Trees for tomorrow: an evaluation framework to assess potential candidates for assisted migration to Manitoba’s forests

Trees for tomorrow: an evaluation framework to assess potential candidates for assisted migration... Forest managers are beginning to experiment with assisted migration (AM), the intentional movement of organisms to areas outside their historic range, as a pre-emptive adaptation to climate change. To date, AM studies have focused on species conservation, while AM in forestry has received little attention. Using Manitoba, Canada, as our study area, we developed a two-stage framework to evaluate North American tree species as AM candidates. Little’s (1971) range maps were used to characterize climatic ranges for 87 species, and GCM projections under RCP8.5 estimated potential future tree distributions for 2011–2040, 2041–2070, and 2071–2100. Traits for the resulting 26 candidate species were evaluated in eight categories, each divided into several response factors, to investigate management potential, adaptation and interspecific interactions, vulnerability to pests, diseases and natural disturbance, and range of soil conditions tolerated. Multivariate analyses were used to classify species into groups characterized by different combinations of management potential, tolerance for climate extremes, and relative vulnerability to disturbances, insects, and disease. These groupings could be used by managers in a variety of applications—commercial forestry, urban forests, or restoration—as an initial selection filter for AM candidates. Separate uncertainty scores in each category should allow users to independently judge the quality of information contributing to a given category. Although our framework was regionally focused, it could be readily adapted to selecting AM candidates elsewhere. We recommend that the framework be further field tested among different practitioners, modifying, editing, and adding to the list of categories and factors, as needed. http://www.deepdyve.com/assets/images/DeepDyve-Logo-lg.png Climatic Change Springer Journals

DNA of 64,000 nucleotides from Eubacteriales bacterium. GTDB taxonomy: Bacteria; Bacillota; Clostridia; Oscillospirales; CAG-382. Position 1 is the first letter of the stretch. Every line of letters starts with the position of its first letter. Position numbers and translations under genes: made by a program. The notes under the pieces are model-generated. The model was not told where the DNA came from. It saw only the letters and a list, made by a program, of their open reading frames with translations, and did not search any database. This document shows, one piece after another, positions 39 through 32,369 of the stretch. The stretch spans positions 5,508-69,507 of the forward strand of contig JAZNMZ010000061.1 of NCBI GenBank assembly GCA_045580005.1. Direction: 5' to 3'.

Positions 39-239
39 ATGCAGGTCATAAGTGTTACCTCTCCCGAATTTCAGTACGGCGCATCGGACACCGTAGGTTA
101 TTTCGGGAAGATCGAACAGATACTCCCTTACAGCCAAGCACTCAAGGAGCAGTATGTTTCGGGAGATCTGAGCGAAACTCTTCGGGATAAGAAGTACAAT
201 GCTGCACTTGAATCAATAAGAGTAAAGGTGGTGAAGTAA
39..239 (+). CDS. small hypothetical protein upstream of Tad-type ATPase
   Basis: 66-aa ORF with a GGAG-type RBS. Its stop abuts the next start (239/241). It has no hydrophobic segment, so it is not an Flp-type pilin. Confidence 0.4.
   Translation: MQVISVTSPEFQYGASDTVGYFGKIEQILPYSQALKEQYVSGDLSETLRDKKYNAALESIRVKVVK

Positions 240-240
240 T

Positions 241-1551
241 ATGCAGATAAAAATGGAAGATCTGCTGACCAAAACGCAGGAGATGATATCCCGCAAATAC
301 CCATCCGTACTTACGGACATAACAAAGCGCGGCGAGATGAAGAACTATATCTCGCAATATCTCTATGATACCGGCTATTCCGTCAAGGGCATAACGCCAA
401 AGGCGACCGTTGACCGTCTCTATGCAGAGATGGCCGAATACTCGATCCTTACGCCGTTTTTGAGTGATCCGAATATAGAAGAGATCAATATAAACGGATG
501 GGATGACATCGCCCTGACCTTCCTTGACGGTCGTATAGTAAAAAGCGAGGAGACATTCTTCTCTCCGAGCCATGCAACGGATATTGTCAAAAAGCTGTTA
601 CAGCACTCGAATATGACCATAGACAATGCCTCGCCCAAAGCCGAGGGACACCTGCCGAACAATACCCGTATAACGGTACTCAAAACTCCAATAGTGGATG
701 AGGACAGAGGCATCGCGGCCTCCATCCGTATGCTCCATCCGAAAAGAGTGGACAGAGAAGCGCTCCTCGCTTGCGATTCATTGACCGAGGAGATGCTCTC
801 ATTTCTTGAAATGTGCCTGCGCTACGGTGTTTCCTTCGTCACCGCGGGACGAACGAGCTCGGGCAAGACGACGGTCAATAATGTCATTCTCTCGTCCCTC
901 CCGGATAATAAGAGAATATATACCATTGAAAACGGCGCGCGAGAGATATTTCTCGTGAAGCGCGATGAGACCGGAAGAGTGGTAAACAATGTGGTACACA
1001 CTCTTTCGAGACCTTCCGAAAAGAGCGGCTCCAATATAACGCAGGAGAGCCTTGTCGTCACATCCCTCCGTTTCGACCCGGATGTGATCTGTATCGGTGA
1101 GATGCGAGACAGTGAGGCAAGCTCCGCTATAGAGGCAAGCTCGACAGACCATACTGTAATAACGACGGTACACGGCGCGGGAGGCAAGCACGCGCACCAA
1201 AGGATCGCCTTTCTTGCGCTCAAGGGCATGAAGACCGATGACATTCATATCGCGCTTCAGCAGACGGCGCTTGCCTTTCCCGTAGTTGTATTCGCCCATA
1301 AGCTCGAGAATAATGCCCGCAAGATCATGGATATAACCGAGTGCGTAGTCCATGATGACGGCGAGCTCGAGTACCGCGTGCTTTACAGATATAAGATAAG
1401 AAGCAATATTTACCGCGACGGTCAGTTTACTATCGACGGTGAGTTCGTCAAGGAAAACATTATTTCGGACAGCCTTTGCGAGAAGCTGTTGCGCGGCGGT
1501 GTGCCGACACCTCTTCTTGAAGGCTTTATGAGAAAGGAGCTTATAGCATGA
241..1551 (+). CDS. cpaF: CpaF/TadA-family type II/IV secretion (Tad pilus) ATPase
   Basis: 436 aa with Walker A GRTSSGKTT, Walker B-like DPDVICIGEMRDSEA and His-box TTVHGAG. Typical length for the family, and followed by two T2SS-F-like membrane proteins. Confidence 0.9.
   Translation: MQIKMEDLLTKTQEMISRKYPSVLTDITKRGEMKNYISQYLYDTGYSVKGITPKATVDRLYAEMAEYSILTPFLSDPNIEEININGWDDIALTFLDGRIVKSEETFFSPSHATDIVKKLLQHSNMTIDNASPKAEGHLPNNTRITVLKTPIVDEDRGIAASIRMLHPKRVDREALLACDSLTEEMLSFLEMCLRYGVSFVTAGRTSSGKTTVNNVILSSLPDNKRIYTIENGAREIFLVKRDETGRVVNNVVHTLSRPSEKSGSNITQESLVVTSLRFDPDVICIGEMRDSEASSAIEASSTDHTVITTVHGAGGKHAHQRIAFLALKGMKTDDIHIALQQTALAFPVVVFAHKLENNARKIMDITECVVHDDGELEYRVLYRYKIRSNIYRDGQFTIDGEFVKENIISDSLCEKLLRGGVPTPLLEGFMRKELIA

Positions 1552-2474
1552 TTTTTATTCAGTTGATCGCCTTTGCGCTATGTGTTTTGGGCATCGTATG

Trees for tomorrow: an evaluation framework to assess potential candidates for assisted migration to Manitoba’s forests

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Publisher
Springer Journals
Copyright
Copyright © 2018 by Springer Science+Business Media B.V., part of Springer Nature
Subject
Earth Sciences; Atmospheric Sciences; Climate Change/Climate Change Impacts
ISSN
0165-0009
eISSN
1573-1480
D.O.I.
10.1007/s10584-018-2201-7
Publisher site
See Article on Publisher Site

Abstract

Forest managers are beginning to experiment with assisted migration (AM), the intentional movement of organisms to areas outside their historic range, as a pre-emptive adaptation to climate change. To date, AM studies have focused on species conservation, while AM in forestry has received little attention. Using Manitoba, Canada, as our study area, we developed a two-stage framework to evaluate North American tree species as AM candidates. Little’s (1971) range maps were used to characterize climatic ranges for 87 species, and GCM projections under RCP8.5 estimated potential future tree distributions for 2011–2040, 2041–2070, and 2071–2100. Traits for the resulting 26 candidate species were evaluated in eight categories, each divided into several response factors, to investigate management potential, adaptation and interspecific interactions, vulnerability to pests, diseases and natural disturbance, and range of soil conditions tolerated. Multivariate analyses were used to classify species into groups characterized by different combinations of management potential, tolerance for climate extremes, and relative vulnerability to disturbances, insects, and disease. These groupings could be used by managers in a variety of applications—commercial forestry, urban forests, or restoration—as an initial selection filter for AM candidates. Separate uncertainty scores in each category should allow users to independently judge the quality of information contributing to a given category. Although our framework was regionally focused, it could be readily adapted to selecting AM candidates elsewhere. We recommend that the framework be further field tested among different practitioners, modifying, editing, and adding to the list of categories and factors, as needed.

Journal

Climatic ChangeSpringer Journals

Published: May 31, 2018

References

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